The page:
Trails and Greenways

 Canada was founded along the many waterways utilized by the native people, early explorers, fur traders and pioneers. As Canada became a more developed nation, the automobile and roads began to dominate the landscape and trails were almost forgotten, except in our protected areas and parks.

Today, Canadians in increasing numbers are participating in trail related activities spurring the growth of trails all across the country for hiking, walking and cycling.

Trails take many different forms, from a simple natural surfaced footpath through the wilderness, like the Great Divide Trail in Alberta, to the popular paved "urban" trails or bikeways.

Many early trails were developed through the work of volunteer trail organizations, such as the Bruce Trail Association in Ontario. As interest grows for the development of more trails, different types of groups representing specific trail use, such as SNOWMOBILING, hiking, cross country skiing, and trail biking are becoming more active. In addition, many communities are acquiring trail access along abandoned rail lines. "Rails to Trails" is becoming a popular movement across Canada, following the successful example of the Rails Trail Foundation based in Washington, DC, where a program to develop trails over abandoned rail lines has been in place for over 25 years.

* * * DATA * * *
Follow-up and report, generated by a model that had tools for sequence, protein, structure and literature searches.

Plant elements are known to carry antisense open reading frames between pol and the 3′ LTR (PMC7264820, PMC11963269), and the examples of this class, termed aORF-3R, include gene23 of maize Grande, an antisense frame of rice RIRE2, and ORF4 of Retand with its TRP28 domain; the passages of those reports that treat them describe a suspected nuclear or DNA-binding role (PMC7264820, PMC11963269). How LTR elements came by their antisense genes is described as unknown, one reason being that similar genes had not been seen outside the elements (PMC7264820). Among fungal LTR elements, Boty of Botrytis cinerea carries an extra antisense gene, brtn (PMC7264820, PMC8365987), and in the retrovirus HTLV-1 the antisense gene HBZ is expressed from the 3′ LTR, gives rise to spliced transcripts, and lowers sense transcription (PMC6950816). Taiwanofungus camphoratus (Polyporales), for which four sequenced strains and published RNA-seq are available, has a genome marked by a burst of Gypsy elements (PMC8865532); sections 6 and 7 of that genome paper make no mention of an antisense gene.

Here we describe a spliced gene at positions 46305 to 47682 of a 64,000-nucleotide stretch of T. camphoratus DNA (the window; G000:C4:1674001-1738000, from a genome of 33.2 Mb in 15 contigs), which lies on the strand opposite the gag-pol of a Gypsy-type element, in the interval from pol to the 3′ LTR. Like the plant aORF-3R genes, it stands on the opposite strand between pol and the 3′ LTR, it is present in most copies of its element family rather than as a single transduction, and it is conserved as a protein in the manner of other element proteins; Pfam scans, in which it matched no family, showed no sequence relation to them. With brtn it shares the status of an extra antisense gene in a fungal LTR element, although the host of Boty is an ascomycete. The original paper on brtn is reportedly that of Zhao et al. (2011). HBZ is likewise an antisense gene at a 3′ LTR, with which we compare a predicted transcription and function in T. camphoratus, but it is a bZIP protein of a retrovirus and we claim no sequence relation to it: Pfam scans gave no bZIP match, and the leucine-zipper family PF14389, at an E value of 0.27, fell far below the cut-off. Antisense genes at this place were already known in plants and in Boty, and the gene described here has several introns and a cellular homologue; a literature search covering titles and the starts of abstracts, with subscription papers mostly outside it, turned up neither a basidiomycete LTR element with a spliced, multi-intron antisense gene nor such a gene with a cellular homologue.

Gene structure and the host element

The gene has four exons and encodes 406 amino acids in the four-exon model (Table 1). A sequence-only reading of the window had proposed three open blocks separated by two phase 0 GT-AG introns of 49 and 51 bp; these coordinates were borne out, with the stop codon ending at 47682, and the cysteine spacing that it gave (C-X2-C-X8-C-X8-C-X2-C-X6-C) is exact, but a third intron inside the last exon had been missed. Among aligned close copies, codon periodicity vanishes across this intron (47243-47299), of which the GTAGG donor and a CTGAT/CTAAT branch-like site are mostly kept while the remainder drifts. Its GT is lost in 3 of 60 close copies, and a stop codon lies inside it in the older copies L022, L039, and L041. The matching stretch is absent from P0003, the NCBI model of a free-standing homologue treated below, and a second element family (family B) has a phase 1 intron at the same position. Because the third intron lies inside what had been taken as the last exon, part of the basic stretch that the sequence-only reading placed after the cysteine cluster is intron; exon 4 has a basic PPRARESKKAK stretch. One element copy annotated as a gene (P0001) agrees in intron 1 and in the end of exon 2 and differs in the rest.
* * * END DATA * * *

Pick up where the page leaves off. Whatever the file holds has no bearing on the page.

Today, trails are becoming popular tourist attractions generating economic benefits for communities or regions which encourage their development and upkeep. Trails are also the catalyst for improving deteriorated urban lands or river corridors, with many groups, service clubs and dedicated individuals taking charge of their development.

Trails can encompass a single path or route such as the Gold Rush Trail or represent a network of linkages connecting a variety of natural and constructed features or trail experiences such as the 200 km trail system in the 100 Mile House-Williams Lake region of BC or the proposed multi-faceted trail system in Haliburton County, Ontario. Many communities across Canada from Halifax to Victoria are developing trails for "commuters" travelling by bicycle.